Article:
Modern economic analysis of the Domesday Book

In 1086, William the Conqueror undertook the daunting task of cataloging his estates and possesions in England. The results are known as the Domesday Book. Now author John McDonald is using modern economic analysis to evaluate the productivity of the Wiltshire estates.

The paper has been posted on the website for the Routledge, Taylor and Francis Group.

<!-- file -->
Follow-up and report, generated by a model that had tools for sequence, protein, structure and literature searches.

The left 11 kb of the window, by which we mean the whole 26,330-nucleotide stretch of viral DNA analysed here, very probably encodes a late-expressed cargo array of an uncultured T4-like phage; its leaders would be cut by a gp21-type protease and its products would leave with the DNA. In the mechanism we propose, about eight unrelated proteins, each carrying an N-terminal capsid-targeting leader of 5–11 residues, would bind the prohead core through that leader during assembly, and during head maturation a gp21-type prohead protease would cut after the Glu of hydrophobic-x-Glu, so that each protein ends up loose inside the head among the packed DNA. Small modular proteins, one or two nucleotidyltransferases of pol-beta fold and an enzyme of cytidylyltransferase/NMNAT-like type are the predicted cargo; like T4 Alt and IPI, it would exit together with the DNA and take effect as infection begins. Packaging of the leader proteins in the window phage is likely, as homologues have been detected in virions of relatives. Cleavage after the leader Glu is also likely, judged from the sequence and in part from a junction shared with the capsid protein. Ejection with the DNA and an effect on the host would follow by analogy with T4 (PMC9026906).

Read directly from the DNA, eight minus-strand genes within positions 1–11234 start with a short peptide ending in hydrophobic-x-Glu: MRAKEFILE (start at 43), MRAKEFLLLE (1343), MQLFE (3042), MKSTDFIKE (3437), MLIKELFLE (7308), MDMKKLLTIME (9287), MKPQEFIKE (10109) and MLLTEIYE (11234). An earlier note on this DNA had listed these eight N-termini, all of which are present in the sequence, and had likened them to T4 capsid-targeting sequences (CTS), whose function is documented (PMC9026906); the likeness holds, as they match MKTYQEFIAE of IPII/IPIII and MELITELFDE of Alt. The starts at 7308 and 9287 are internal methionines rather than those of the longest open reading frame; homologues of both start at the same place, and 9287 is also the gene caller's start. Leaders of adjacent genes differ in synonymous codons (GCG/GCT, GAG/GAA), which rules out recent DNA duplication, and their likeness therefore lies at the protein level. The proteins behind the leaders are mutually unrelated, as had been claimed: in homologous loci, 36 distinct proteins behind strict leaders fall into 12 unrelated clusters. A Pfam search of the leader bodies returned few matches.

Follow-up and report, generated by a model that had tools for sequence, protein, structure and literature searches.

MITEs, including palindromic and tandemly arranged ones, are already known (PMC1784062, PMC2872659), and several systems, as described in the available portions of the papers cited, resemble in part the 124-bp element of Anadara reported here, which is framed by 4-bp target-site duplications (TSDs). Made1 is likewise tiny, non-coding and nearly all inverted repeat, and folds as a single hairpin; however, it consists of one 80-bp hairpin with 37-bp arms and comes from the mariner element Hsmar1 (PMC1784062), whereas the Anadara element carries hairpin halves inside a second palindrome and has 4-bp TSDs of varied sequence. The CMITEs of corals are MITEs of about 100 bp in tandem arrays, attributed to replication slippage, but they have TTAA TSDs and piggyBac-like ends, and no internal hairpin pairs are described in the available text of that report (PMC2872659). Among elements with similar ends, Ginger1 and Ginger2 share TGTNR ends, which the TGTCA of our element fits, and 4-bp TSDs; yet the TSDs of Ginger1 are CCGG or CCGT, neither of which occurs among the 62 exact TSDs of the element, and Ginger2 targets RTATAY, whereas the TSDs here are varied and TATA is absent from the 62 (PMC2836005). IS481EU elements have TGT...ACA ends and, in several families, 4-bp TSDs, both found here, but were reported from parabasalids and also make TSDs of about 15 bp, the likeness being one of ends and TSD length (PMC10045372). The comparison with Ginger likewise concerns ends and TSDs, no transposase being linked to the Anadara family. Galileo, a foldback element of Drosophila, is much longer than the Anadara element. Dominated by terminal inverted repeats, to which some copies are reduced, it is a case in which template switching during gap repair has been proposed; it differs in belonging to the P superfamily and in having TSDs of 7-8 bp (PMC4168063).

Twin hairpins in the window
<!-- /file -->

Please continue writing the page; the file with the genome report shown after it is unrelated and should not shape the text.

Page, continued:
It may surprise some readers that frontier methods such as Data Envelopment Analysis (DEA) can be used to assess the productive efficiency of the estates of eleventh century England. This is possible because in 1086, William the Conqueror carried out a comprehensive survey (the Domesday Survey) of lands he invaded 20 years earlier. The survey provides high-quality data on the inputs and outputs of most manors in England. A previous analysis of the data for Essex estates indicated that the average efficiency of the Domesday agricultural economy was comparable to, if not higher than that for more modern economies, that some tenants-in-chief displayed significantly more entrepreneurial flair than others, and that the geographical location, the size of the estate and the arable/livestock mix all significantly affected estate efficiency. In this article, analysis of a second Domesday county, Wiltshire, confirms the general results for Essex, but indicates some differences in the factors affecting estate efficiency.